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   Re: [xml-dev] Does WTSIWYG make simplicity moot? (was Re: [xml-dev]dtds,

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Anthony B. Coates wrote:
> ...
> Not so.  The most illuminating thing for me was to have spent a couple of years
> as a multimedia developer, using Macromedia's Director. 

A multimedia developer is usually a visual person. They are working on 
creating a visual product. It isn't surprising to me that a visual 
environment would be more efficient than a textual one. But I'm talking 
about something like a computer program or a schema which has no 
intrinsic preference one way or the other.

> ...   Director opens up development to a far larger group of people
> than most programming languages do, by lowering the level of entry.

Director opens up multimedia development. That makes sense for two reasons:

  * first, as I said before, you're building something visual and 
probably every pixel counts. Doing that in a text file is no good (which 
is why I gave up on text-edited XML as a general replacement for PowerPoint)

  * Second, you're contrasting the visual abstraction layer with Lingo,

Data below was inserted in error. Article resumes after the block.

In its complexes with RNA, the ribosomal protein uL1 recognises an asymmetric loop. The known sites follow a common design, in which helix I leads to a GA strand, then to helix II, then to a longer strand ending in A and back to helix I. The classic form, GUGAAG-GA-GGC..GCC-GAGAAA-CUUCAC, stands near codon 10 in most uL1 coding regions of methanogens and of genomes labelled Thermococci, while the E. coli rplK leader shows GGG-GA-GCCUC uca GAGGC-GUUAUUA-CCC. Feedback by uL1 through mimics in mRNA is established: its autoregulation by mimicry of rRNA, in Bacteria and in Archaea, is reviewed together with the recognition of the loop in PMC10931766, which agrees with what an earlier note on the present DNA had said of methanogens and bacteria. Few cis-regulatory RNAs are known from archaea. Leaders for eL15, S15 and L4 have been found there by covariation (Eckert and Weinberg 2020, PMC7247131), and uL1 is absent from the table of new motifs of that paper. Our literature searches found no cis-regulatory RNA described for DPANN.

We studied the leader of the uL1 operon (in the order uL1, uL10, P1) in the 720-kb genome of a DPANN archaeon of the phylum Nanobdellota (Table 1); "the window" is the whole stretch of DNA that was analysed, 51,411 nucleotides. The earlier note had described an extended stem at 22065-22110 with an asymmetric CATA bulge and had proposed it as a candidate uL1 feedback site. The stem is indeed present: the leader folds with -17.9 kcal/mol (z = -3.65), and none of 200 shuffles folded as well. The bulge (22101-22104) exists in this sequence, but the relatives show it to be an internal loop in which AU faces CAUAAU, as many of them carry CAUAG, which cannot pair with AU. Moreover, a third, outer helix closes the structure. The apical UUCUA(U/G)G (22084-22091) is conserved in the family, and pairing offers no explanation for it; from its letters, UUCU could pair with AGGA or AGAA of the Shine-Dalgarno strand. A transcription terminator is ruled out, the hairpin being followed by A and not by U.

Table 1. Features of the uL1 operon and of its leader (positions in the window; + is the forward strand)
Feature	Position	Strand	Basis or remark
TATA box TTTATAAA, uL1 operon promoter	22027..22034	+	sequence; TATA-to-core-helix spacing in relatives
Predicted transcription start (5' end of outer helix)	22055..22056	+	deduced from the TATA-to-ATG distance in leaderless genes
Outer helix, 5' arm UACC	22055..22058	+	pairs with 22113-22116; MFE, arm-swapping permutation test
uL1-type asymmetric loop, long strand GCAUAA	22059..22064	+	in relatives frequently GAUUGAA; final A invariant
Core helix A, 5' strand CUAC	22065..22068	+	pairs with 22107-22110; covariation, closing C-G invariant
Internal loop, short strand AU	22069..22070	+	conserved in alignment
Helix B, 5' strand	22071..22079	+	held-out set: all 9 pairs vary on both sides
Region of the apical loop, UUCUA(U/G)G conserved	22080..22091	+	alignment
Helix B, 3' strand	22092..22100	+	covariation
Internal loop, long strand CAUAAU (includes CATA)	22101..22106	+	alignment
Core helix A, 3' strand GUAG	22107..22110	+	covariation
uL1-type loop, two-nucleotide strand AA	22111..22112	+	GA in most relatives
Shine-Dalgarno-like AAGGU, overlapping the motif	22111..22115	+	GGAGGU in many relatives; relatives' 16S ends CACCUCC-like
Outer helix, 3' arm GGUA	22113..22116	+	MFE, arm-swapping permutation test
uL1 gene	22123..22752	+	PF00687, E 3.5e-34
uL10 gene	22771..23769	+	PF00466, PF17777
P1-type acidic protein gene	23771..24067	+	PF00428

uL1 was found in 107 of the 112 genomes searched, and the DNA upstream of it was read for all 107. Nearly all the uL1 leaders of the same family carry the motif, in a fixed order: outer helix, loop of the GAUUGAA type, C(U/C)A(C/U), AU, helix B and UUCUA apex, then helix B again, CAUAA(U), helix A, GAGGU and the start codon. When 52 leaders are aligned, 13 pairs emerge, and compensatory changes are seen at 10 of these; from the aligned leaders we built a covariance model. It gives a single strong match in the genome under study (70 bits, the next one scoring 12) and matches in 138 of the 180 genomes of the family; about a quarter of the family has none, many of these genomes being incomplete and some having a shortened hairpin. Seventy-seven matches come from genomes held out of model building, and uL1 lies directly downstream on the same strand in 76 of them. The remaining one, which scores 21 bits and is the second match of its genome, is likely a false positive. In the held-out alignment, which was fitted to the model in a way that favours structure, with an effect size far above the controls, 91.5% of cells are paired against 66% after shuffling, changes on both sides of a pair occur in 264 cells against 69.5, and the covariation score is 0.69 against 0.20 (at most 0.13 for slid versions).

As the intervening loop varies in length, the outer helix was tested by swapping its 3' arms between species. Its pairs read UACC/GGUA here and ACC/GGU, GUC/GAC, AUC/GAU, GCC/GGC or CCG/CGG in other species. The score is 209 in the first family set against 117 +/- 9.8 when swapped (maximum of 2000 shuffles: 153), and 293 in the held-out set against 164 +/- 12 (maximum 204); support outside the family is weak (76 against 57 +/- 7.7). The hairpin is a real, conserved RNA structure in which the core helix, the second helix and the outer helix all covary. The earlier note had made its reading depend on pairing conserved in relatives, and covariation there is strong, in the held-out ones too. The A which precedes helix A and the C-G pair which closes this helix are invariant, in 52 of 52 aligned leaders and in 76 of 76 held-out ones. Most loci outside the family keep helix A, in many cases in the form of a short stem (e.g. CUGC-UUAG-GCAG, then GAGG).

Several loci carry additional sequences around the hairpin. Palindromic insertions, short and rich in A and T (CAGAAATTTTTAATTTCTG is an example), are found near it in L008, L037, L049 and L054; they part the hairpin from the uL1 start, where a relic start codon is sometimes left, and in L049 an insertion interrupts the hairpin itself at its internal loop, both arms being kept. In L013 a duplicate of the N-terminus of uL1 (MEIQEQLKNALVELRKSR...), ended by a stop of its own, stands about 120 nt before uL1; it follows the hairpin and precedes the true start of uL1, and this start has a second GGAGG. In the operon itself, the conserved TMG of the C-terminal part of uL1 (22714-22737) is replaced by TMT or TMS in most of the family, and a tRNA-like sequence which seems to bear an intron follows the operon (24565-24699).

which is a full programming language and probably at totally the wrong 
layer of abstraction. I have faith that whatever Lingo's GUI got right 
as an abstraction could be emulated in a carefully designed XML 
vocabulary (perhaps something like SMIL???) It isn't fair to compare a 
carefully designed GUI abstraction to a poorly chosen textual abstraction.

> What makes Director different to more typical programming IDEs?  Director has
> to appeal to both programmers & artists.  It would be a failure in its target
> market if it didn't.  By contrast, many technical specs never rise beyond an
> ASCII view of life and the universe.  So it is a self-fulfilling prophecy that
> they sometimes seem best handled using the plainest text editor available.

There is nothing wrong with handling data in a visual environment. I 
just argued against using that as an excuse for poor language design.

  Paul Prescod


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